Babies can tell languages apart by facial expression

Four-month-old babies can discriminate between different languages merely by studying the facial movements of the speaker, according to a pioneering study of speech development in infants.

 Babies can tell languages apart by facial expression

Four-month-old babies can discriminate between different languages merely by studying the facial movements of the speaker, according to a pioneering study of speech development in infants.

Even with the sound turned off on a video recording, babies were able to tell whether someone had switched from speaking English to speaking French, the scientists who conducted the study found.

The researchers believe that this "visual speech" ability is a critical component of language learning and is something that is retained for longer in babies brought up in bilingual homes who learn two languages at once.

Babies are acutely tuned in to the human face and can even recognise basic facial features at birth. The latest study demonstrates just how important facial movements are to language learning, the scientists report in the journal Science.

"Talking faces are among the most dynamic and salient stimuli available to infants, and the facial movements accompanying speech influence adult and infant speech perception," said Whitney Weikum, a doctoral student at the University of British Columbia in Canada and lead author of the study.

Apart from the sounds made by a talking face, babies appear to be able to use the movements to determine whether someone has switched from one language to another, Ms Weikum said.

"We already know that babies can tell languages apart using auditory cues. But this is the first study to show that young babies are prepared to tell languages apart using only visual information," she said.

The study was based on three groups of infants from monolingual, English-speaking families at different ages of life - four, six and eight months. Two other groups of infants of the same ages, but this time from bilingual English-French families, were also used.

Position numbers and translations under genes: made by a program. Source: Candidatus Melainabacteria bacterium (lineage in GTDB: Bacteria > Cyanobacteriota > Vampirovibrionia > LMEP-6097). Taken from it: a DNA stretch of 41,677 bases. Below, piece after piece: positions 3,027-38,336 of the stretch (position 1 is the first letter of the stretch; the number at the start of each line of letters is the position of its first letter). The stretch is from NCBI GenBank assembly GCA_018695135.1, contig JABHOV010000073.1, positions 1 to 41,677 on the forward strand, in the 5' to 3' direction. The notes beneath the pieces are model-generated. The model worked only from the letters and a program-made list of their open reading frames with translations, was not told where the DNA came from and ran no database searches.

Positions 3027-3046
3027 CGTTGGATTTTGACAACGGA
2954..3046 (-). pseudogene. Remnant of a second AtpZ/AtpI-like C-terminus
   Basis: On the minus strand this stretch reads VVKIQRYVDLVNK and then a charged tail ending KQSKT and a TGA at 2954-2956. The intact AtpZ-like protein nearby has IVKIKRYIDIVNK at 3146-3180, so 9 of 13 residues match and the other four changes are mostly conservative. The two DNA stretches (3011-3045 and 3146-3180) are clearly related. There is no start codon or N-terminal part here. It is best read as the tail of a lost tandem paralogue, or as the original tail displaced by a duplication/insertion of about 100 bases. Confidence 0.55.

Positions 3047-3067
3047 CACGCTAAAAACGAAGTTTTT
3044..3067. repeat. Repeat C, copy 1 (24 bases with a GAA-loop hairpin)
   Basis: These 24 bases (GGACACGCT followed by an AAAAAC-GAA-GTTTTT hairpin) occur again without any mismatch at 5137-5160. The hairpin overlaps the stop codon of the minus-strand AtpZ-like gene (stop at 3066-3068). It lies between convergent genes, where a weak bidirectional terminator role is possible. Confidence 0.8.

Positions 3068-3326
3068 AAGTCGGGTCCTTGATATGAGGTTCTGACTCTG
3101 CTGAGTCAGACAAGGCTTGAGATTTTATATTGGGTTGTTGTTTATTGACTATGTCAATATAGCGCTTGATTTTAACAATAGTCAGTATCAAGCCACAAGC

The scientists showed each group silent video clips of three bilingual French-English speakers who recited sentences first in English or French, and then switched to the other language, Ms Weikum said.

The young age groups, at four and six months, from both monolingual and bilingual homes were able to tell the languages apart, based on the fact that they would watch the clips for significantly longer periods if the speaker switched language.

However, at eight months of age, the babies from the monolingual homes appeared to lose this ability. Yet the babies from bilingual families were still able to tell each language apart based on the visual information alone. "This suggests that by eight months, only babies learning more than one language need to maintain this ability," Ms Weikum said.

"Babies who only hear and see one language don't need this ability, and their sensitivity to visual language information from other languages declines," she said.

The study concluded that young babies needed to use "visual speech" as part of the language-learning process, but they lost this as they got older because the auditory aspect becomes more important.

But bilingual babies kept this ability for visual speech for longer because of the extra effort which was needed to discriminate between the two languages they were learning. "Traditionally, visual speech has been regarded as a redundant signal in verbal communication. The present research shows that visual speech information alone is sufficient for language discrimination in infancy," Ms Weikum said.

Source: Independent

Last Mod: 25 Mayıs 2007, 12:04
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